“And in medieval times, Ravens earned their sinister reputation.  It was the 14th century and the Bubonic Plague was sweeping across Europe.  One out of three people would die.  Entire towns were stricken with no one to bury the dead in the all but empty streets.   Enter the Raven.  Black birds gathering for the black death.

“To a Raven, a dead human was just another carcass—a grim opportunity for a meal.  The sight of a Raven evoked such dread it called up ancient pagan fears from long before the counting of centuries.
“The ancient Celts associated the raven with the Morrigan, goddess of death and battle.  And she could shape-shift, seemingly, into the raven.  When they saw the raven, they thought the Morrigan was there.

“But on the other side of the world, in the rugged Pacific Northwest, the view was just the opposite.  To many Native American tribes, the raven is a celebrated figure.  Half clown, half god, full of mischief but the giver of great gifts.  His image is everywhere.  His power reveals the true nature of things.  Clever and resourceful, Raven invented the world, the mountain and rivers were all his idea.  He even placed the sun in the sky.
“Before there was light, there was only twilight and darkness and Raven got tired of looking for food in the dark.  He heard of an old man in the sky who had a box that contained another box.  And inside that, another and another until inside the smallest one, there was light.  A light that Raven was determined to steal. 

“He tricked the old man into opening the box and flew off with the light in his beak.  But the old man chased him and in his hurry to escape, Raven threw the light into the sky where it hangs to this day.
“Raven is indeed a thief, but in his mischief, he brought a blessing to the whole world. 

“Fitting descendants of the original trickster, wild ravens display the same curiosity and cunning.  Conservation Biologist John Marzluff has been studying these extraordinary birds for more than ten years trying to understand their amazingly complex behavior.  For though the ravens may not have invented the world, they often act as though they own it.

“Ravens are such a fascinating animal that once you start studying any of the Corvids, you can’t go back to studying something of lesser quality, its impossible.  I think one of the thing that strikes me and others who work on these animals is that when you catch something like a robin and you look at it, its just a glossed over look and theres really nothing going on inside of a robin’s head, as far as I can tell.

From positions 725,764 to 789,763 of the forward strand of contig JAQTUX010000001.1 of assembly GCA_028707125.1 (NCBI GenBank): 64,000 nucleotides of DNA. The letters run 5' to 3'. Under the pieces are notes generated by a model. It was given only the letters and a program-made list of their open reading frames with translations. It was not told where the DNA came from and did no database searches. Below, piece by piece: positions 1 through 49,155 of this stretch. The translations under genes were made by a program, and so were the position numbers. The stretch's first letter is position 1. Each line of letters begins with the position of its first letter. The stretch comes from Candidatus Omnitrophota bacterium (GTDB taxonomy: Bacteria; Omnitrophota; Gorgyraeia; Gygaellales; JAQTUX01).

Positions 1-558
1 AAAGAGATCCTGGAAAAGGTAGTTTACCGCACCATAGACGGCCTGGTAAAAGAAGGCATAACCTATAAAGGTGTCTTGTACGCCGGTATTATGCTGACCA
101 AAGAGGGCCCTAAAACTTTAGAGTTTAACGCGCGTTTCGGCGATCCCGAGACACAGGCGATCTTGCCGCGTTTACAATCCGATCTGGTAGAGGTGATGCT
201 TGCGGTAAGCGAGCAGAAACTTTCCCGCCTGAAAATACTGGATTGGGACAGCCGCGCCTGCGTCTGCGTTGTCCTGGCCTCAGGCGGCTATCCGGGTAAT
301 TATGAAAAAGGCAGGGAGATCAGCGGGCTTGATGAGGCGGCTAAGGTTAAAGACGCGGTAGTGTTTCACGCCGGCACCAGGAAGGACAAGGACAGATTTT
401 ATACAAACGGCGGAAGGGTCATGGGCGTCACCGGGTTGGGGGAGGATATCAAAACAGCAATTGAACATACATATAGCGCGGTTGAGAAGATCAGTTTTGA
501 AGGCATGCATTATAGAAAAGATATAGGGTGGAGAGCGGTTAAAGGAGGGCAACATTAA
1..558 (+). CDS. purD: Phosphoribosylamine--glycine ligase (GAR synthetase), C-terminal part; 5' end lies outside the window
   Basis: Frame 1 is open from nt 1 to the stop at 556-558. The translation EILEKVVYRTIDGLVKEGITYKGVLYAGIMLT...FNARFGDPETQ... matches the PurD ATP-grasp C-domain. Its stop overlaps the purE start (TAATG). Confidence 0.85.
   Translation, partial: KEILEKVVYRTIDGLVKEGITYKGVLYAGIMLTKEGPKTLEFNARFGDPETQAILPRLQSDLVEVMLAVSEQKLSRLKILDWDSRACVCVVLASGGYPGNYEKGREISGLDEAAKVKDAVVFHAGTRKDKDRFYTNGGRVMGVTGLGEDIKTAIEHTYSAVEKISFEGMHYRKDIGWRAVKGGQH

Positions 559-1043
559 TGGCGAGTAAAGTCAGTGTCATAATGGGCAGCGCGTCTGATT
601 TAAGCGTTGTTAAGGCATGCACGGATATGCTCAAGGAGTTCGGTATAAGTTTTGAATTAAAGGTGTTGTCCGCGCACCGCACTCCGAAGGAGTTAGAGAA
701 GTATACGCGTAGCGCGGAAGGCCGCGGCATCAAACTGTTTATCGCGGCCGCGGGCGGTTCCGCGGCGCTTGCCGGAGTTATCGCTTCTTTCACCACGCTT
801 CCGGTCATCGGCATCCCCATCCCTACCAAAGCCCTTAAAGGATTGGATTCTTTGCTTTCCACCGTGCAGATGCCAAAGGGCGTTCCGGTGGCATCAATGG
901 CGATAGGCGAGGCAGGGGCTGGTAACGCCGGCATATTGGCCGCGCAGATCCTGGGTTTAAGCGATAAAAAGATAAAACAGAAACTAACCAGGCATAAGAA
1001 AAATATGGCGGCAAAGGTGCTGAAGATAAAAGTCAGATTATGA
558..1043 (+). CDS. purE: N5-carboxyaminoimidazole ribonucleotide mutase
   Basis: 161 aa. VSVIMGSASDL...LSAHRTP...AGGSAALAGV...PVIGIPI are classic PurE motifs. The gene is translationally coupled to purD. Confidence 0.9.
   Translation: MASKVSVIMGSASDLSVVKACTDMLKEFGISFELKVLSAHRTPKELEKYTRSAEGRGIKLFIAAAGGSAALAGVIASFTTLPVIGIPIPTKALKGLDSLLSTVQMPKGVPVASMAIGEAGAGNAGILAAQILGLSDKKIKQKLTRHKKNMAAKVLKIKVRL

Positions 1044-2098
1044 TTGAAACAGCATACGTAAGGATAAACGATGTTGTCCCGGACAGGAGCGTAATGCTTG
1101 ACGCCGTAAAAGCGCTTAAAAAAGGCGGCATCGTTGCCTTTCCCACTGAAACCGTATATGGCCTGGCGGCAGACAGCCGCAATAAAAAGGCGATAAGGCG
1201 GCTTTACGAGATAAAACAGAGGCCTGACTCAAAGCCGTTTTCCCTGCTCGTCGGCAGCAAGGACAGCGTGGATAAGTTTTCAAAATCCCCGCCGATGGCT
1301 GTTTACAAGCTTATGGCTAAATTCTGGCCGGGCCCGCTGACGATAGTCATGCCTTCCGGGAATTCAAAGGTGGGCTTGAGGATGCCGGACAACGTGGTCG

“A raven on the other hand, you hold a raven  and you look at the raven and its looking back at you.  It has a pupil that’s dilating and contracting just like ours is and that bird is obviously excited about you being that close to it and you have a real tight connection with an animal like that as opposed to one that is more of a blank slate.”

In the next article, we will look at tests on the raven that show its cleverness and look at a more current affect the raven has had in the culture of espionage.
Courtney Miller

Author of “The First Raven Mocker

Thursday, October 17, 2013

Native American Skies: Cosmic Revolution

Because the stars and constellations in the night sky revolve around the North Star, it has been considered the center of the cosmos for many ancient cultures.  And those constellations near the North Star often hold a special place in their cosmology.  For the Navajo, for instance, the two neighboring constellations and the North Star form a unit.

The Navajo call the unit Nahookos (Na hoe kos).   The North Star is Nahookos Bikq (Na hoe kos Bih kwo), which means “Central Fire”.   Picture a Navajo hogan with the hearth in the center of the room.   Sitting next to the fire would be the father and mother (or grandfather and grandmother).   Likewise, next to the Nahookos Bikq are the constellations Nahookos Bika (Na hoe kos Bih kah) which means “Revolving Male” and Nahookos Bi’aad (Na hoe kos Bih aad) which means “Revolving Female”.
The position of the Nahookos group enabled the Navajo astronomers to predict the seasons just by checking the position of Nahookos Bika in relation to Nahookos Bikq every night at the same time.  If the three stars that make up what we now call the “handle” of the “Big Dipper” are pointing up, then it was summer.  When the handle was pointing down, it was winter.  When Nahookos Bika was above Nahookos Bikq it was spring, and when it was below it was  autumn.

Nancy C. Maryboy and David Begay [Sharing the Skies] describe the constellation as follows:

“Nahookos Bika … is considered to be a male warrior, a leader and father, and sometimes a grandfather, who provides for his family.  He protects his family with weapons such as the bow and arrow.  He reflects the ideal characteristics of a provider and protector for his family, people, and home.

Nahookos Bika and Nahookos Bi'aad

“Nahookos Bi’aad … is considered to be a mother, and sometimes a grandmother, who exemplifies strength, motherhood, and regeneration.  She reflects the ideal characteristics of stability and peace in the home.  She also provides for her family through her female weapons of a grinding stone and stirring stick, used to fight off hunger and ensure good nutrition and a healthy lifestyle for her family.”

Nahookos Bi’aad is the constellation we call Casseopeia today.